New Zealand stocks ended weaker in line with offshore trends after the spectre of inflation reared its head in the US, driving bond yields up and Wall Street stocks down.
The S&P/NZX50 index ended at 12,428.12, down 137.79 points, or 1.1 per cent.
Turnover came to 35.39 million shares, worth $157.9 million.
There were 101 falls and 29 rises.
US stocks had suffered their worst losses in months while US government bond yields bumped up after data showed the US inflation rate jumped to a 13-year high, raising concerns that the Federal Reserve will be forced to tighten monetary policy.
Dan Stratful, investment adviser at Forsyth Barr, said the day’s price action was in reaction to US markets.
US Treasuries have been ticking up but so too has the New Zealand 10 year swap rate – to 1.99 per cent from 1.8 per cent a month ago.
“That core inflation data out of the States was pretty strong,” he said.
“There have been some big moves in bond markets – not just sharemarkets.
“Inflation is going to be an ongoing theme for the rest of the year.
“Whether inflation is temporary or whether it is here to stay is a real challenge for the market, going forward,” Stratful said.
Rising inflation leads to higher interest rates, which generally not good for equity valuations.
Yield-sensitive market leader, Auckland International Airport (AIA) fell by 31 cents or 4 per cent at $7.42.
Stratful said AIA may be feeling the pressure from the bond market, but it was also starting to react to ongoing Covid-19 problems in Australia.
Goodman Property Trust eased despite reporting a 141.2 per cent lift in net profit to $631.7m, the units finishing at $2.26, down 5 cents or 2.1 per cent.
Stratful said a strong result had been factored in.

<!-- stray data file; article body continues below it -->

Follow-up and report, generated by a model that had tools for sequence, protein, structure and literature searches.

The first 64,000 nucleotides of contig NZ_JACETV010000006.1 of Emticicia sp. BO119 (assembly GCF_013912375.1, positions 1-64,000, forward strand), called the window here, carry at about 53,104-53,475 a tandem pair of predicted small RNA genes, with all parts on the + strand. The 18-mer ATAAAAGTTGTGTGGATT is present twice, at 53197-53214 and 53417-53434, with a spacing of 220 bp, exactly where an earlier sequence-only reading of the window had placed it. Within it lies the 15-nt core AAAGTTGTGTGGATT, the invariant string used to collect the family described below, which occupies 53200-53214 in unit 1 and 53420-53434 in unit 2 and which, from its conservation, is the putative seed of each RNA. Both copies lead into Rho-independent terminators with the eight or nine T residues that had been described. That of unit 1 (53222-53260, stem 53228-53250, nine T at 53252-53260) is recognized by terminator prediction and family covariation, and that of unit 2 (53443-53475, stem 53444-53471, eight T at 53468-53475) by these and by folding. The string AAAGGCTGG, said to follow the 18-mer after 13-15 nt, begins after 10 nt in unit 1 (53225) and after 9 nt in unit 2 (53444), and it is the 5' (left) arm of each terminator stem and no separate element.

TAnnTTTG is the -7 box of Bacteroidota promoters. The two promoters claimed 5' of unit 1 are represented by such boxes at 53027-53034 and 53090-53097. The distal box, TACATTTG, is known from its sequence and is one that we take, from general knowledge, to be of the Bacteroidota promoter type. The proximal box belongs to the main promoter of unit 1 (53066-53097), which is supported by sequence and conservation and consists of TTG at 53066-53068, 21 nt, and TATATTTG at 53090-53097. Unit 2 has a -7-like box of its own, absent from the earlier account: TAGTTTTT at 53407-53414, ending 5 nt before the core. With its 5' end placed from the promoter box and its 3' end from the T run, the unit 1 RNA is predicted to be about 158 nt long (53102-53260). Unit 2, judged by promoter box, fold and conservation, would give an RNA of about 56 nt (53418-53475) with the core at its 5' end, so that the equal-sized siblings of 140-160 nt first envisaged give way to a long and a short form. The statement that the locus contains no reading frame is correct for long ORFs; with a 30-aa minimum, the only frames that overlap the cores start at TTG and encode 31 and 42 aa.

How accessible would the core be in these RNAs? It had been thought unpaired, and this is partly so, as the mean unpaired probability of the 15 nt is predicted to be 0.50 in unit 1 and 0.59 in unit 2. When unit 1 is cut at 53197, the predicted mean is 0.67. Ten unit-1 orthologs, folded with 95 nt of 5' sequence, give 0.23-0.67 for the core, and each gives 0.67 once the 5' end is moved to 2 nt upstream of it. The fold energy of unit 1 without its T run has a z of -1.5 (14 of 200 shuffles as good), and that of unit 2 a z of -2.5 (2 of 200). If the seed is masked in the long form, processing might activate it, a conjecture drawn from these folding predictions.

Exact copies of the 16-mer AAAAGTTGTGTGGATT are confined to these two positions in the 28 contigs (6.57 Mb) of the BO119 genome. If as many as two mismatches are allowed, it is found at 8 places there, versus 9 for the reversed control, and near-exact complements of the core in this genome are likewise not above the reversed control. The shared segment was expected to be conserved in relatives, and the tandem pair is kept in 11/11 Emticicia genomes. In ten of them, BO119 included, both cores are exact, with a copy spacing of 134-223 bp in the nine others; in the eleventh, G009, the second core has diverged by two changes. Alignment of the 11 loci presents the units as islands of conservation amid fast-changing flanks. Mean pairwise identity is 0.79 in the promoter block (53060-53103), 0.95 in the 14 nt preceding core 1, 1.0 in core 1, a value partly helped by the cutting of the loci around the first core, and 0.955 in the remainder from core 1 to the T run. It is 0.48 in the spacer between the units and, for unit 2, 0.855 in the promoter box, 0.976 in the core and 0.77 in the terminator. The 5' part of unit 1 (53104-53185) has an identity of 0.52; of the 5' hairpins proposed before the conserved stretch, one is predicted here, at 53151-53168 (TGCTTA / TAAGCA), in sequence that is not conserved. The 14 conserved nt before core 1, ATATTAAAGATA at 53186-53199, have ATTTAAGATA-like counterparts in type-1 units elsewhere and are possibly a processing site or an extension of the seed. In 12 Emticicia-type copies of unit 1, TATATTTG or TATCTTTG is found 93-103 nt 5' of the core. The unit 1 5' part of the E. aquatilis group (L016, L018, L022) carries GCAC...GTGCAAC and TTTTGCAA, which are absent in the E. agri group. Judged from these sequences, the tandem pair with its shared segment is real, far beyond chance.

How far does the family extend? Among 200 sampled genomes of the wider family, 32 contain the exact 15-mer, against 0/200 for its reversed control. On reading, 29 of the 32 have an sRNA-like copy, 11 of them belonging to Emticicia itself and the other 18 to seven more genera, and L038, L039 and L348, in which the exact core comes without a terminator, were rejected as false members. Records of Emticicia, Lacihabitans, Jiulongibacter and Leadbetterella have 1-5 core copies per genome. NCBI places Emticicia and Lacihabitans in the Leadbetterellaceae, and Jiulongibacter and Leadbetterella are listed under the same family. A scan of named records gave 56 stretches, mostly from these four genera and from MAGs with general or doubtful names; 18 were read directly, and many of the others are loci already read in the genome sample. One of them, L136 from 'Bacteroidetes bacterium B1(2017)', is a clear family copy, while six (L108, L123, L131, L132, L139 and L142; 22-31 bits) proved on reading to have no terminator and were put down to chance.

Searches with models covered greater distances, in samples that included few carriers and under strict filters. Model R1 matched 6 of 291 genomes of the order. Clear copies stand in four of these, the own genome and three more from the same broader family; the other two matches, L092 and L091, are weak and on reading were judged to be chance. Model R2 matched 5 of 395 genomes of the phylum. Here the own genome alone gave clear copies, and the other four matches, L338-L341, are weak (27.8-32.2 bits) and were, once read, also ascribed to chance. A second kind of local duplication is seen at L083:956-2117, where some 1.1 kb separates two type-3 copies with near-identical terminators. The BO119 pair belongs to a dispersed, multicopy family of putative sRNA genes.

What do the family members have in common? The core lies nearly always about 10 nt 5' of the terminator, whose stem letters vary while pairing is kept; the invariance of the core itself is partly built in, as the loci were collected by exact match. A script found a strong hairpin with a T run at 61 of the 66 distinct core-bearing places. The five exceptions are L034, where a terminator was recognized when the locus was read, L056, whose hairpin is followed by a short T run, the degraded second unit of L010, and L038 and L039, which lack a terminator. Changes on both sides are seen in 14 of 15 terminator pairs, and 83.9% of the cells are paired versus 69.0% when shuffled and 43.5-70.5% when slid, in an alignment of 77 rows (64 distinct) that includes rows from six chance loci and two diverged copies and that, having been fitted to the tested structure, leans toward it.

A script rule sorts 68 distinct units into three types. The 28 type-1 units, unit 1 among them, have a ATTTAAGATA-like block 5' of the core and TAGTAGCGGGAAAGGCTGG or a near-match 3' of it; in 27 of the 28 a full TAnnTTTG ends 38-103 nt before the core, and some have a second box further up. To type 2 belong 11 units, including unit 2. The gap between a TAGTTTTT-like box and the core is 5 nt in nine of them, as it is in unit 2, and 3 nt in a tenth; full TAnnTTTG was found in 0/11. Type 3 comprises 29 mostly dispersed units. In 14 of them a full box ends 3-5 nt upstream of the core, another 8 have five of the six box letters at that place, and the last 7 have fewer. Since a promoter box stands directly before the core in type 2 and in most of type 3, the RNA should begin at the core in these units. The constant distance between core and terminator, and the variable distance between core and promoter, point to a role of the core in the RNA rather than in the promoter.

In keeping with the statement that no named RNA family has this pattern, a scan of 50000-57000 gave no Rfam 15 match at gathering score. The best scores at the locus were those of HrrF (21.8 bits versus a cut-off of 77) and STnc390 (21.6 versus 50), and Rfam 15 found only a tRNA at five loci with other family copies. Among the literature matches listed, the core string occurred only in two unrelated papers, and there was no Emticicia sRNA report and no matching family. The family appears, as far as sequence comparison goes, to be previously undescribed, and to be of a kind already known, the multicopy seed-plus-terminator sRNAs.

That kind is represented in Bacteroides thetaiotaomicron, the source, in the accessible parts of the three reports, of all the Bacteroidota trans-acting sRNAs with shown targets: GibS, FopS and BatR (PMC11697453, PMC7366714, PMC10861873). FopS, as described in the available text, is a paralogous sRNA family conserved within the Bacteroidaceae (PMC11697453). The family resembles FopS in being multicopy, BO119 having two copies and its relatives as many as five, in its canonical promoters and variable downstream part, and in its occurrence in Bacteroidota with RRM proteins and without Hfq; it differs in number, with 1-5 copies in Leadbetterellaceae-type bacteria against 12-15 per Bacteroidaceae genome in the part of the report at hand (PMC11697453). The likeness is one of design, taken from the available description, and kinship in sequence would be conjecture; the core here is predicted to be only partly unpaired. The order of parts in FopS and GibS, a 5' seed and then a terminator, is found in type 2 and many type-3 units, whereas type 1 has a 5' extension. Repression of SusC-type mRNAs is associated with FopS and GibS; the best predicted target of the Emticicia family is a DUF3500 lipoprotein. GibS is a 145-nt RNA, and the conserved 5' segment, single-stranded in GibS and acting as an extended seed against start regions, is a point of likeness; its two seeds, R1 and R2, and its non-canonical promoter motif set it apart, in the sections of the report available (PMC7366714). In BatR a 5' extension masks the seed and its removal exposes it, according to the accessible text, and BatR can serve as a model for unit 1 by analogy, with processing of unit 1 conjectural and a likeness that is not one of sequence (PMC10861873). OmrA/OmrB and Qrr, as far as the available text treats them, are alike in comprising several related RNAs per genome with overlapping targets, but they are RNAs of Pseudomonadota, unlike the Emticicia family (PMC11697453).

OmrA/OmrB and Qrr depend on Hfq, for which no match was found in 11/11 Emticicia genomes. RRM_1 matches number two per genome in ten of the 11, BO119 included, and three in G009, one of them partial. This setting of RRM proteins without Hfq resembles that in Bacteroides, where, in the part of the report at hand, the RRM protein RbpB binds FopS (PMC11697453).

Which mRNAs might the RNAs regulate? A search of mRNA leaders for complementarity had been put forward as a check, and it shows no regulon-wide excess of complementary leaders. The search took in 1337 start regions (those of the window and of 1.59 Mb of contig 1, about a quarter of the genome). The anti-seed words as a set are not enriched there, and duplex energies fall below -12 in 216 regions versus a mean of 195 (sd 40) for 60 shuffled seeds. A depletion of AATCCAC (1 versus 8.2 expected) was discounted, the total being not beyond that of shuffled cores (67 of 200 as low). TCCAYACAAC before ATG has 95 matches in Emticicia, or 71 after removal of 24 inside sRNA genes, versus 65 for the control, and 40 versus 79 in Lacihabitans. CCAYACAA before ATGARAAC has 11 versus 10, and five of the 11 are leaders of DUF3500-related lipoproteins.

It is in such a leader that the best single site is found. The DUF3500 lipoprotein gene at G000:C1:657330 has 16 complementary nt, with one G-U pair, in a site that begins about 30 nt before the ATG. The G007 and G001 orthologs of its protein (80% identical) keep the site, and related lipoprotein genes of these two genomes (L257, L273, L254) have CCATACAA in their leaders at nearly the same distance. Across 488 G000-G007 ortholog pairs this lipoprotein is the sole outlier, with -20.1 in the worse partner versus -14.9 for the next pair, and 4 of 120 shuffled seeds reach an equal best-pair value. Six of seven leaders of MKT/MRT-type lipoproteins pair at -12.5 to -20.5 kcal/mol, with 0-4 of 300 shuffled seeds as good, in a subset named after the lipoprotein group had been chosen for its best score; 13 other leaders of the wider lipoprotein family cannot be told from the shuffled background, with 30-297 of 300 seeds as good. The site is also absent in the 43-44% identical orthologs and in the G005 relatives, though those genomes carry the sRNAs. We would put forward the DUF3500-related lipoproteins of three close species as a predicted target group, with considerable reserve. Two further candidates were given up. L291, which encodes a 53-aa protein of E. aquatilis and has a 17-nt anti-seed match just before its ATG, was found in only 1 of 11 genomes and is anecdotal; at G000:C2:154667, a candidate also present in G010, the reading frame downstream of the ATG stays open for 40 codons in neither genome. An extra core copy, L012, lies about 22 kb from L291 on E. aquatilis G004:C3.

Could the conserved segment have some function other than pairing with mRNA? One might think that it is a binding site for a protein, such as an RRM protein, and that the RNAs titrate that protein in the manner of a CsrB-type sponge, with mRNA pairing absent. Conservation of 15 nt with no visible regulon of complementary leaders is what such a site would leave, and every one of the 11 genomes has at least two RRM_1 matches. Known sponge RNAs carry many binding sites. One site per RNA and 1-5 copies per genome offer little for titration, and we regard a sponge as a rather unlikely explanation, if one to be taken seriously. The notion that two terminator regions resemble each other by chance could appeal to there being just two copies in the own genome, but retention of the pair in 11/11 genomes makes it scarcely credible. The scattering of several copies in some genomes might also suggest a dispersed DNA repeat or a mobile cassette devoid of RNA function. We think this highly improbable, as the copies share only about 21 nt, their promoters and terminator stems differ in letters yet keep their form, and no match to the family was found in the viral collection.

“It was a good all-round result from Goodman and gearing was at the lower end of the range – 22 per cent – which is quite low,” Stratful said.
“Industrial property has been holding up better these days than most other asset classes.”
Against the general trend, Fletcher Building – which has extensive interests in Australia – rose by 8 cents to $7.33 on the back of an increased infrastructure spend outlined in this week’s Australian Budget.
Cinema software company Vista fell by 12c to $2.20 in line with weaker offshore tech stocks.
Topping the list of gainers was dual-listed Harmoney after reporting a big lift in lending to $37.8m in April – its strongest month on record – from $4.2m in April last year.
Harmoney – Australasia’s largest online direct personal lender – now has more than $2 billion in loans out to customers.
The stock listed last November at a discount to its A$3.50 issue price and has struggled to perform ever since, trading on that ASX at A$1.75.
On the NZX, the stock finished at $1.94, up 18c cents or 10 per cent.
Takeover target Tilt Renewables – majority owned by Infratil – eased 1c to $8.00.
In what is likely to be its last annual result as a listed entity before being subsumed into Powering Renewables Australia Fund (PowAR) and Mercury NZ, Tilt said its operating profit fell by 36 per cent to A$74.9m, down from A$117.5m in 2020.
Infratil itself fell by 14c to $7.27.
Among the other yield-sensitive stocks, Mercury fell by 29c or 4.3 per cent to $6.46 and Hallenstein Glasson dropped 10c to $7.30.
Retirement village company and market leader Ryman fell by 20c, 1.3 per cent, to $14.75, partly reversing Wednesday’s 50c gain.
Also bucking the trend was the market’s biggest stock Fisher and Paykel Healthcare, which gained 25c to $33.55.
Among the smaller companies, Napier Port ended steady at $3.40 after Wednesday’s 12 cent sell off.
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